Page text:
My friend Cody was supposed to help me drive but, and maybe I shouldn't be saying this because I'm still considering accepting his help and I hate to make myself liable for anything, he recently discovered that his driver's license has been suspended. There are some other options, sure, but Cody was probably the best given his combination of being able to take a large amount of time off work and being able to function well with little sleep. Anyway, it's a change of plans I'm not too happy about and it's the one really stressful thing that has occurred during this whole thing, which I guess makes me sort of lucky that I only have one thing that's gone wrong, but it's a big thing.

In the meantime my dog decided to take this week to remind me just how impulsive she is, running after cats into the neighborhood twice and chasing a coyote into the bushes the other day. It's funny, a few minutes before we had encountered two friendly dogs she'd never seen before and she immediately became frightened and hid between my legs, but when she sees a coyote, one nearly her size by the way, she runs right after it like she's the toughest thing on four legs. Actually I'm less concerned about the coyote then I am the cats, and not because I'm afraid for the cats. If the coyote should turn around to confront her she'd be cowering behind me in a second, and if she actually caught up to the cats she'd freak out and not know what to do (as she is when they climb a fence and hiss at her). The real concern is her willingness to just run into any street or yard that happens to be between her and whatever random quarry has her attention. I can't have her doing that in Maine where there are no fences and where the quarry might be bigger then a squirrel or a cat. She's no good on leash but she may have to learn to accept it if I can't trust her off of it.

Hockey started on Thursday. My team, the Canucks, played the Penguins starting at seven. They ended up losing in a shoot-out, which every Canucks fan could have told you would be the result the moment the shoot-out began, they are really terrible in shoot-outs. But it's the first game of the season and what every fan wants to see from there team is not so much a win but a sign of things to come in the later parts. The Canucks came back from a 3-1 deficit, and actually had more then a few opportunities to be ahead if it wasn't for the stellar play of the opposing netminder. I bring all this up because the Canucks play in Vancouver which is three hours behind Maine. Most of their games start at seven Pacific time. It will be ten in Maine before my favorite team's games even start. I could follow the Bruins who are just down in Boston. Actually, I do like the Bruins, I'm a huge Bobby Orr fan, but they played right before the Canucks against the Flyers who I hate but I couldn't find a way to cheer for them because they beat the 'Nucks in the Stanley Cup last year and I'm still smarting from it. Actually, I don't even have a TV so I won't necessarily be following anyone except for those games I watch illicitly from websites. Regardless of how I watch them it will be tough to stay up until after midnight about sixty nights a year just to watch a hockey game.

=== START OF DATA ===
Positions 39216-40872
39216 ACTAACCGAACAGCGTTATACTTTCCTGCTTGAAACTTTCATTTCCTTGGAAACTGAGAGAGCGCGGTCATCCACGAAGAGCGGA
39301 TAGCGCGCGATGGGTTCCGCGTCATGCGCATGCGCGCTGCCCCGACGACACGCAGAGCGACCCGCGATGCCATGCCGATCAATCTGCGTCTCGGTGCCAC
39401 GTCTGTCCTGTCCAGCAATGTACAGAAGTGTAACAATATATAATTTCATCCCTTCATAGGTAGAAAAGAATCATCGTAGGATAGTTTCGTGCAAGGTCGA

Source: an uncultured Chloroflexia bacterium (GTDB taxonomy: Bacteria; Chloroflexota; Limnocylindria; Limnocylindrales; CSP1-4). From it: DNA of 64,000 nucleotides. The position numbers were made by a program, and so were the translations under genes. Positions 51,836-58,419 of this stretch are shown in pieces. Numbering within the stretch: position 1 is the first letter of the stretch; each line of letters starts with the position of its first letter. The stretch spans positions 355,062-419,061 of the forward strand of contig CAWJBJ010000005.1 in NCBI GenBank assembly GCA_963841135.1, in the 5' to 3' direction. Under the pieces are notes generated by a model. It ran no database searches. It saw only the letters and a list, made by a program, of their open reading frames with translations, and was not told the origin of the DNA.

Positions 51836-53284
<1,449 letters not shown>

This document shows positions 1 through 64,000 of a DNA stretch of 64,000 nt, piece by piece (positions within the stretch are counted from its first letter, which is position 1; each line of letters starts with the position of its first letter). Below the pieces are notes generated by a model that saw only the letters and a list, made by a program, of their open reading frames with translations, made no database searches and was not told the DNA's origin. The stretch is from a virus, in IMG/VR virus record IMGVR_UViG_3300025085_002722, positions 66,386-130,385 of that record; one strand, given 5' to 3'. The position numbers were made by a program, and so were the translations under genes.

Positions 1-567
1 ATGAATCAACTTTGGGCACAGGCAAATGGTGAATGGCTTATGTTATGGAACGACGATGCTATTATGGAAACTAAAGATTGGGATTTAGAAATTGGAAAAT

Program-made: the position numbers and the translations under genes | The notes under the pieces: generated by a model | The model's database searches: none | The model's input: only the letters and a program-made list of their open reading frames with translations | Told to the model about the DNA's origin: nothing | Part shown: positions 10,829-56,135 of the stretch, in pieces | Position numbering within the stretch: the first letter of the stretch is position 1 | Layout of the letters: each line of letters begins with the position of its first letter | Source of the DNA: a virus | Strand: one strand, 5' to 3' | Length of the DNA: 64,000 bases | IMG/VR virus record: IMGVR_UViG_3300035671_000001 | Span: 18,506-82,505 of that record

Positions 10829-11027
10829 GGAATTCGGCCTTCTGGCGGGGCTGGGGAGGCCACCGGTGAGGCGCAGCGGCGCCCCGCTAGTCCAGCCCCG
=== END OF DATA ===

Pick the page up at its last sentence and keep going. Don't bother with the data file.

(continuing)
Sunday, October 2, 2011

Thoughts on Maine

As I continue to pack for my fast approaching move here are some things that have stuck in my mind about the state that is soon to be my home:

  • Maine's current slogan is "Vacationland" which is kind of weird to see as a person living in California. This state sees millions of tourists arrive every year from all over the world. I believe, and I could certainly be wrong, Maine's tourism is mostly a few thousand people from the Mid-Atlantic and southern New England who come up and spend a couple of weeks to a couple of months in summer homes. I don't think there is a great deal of international, or even cross-coastal tourism in Maine. Maybe a better slogan would be "Summerland".
  • The number one thing people seem to be afraid of in eastern Maine is Moose, and I can certainly understand why. The first problem they pose is that their knees are right at car grill height so should you hit one you'll immediately get five tons of meat through your windshield and right into your lap. Second, they will charge you for looking at them wrong, especially during mating season, which will result in something very similar to hitting them with your car except for the dead moose part. Alone I don't think I'll have much to worry about, I can stay clear of a moose without much difficulty. Unfortunately I have a dog who thinks it's a good idea to charge after anything with legs. Around here she chases deer, coyote, horses, rabbits, skunks, ducks, geese, squirrels... if she sees a moose she'll be after it before realizing it could kill her with a breath. Then it becomes my problem because she'll either be off leash and I'll have to jump in and save her ass, or she'll be on leash and the moose will figure that we are one entity that needs to be taught a lesson by gorging. I think there are bears too, but no one seems to worried about them, probably cause the moose keep killing them.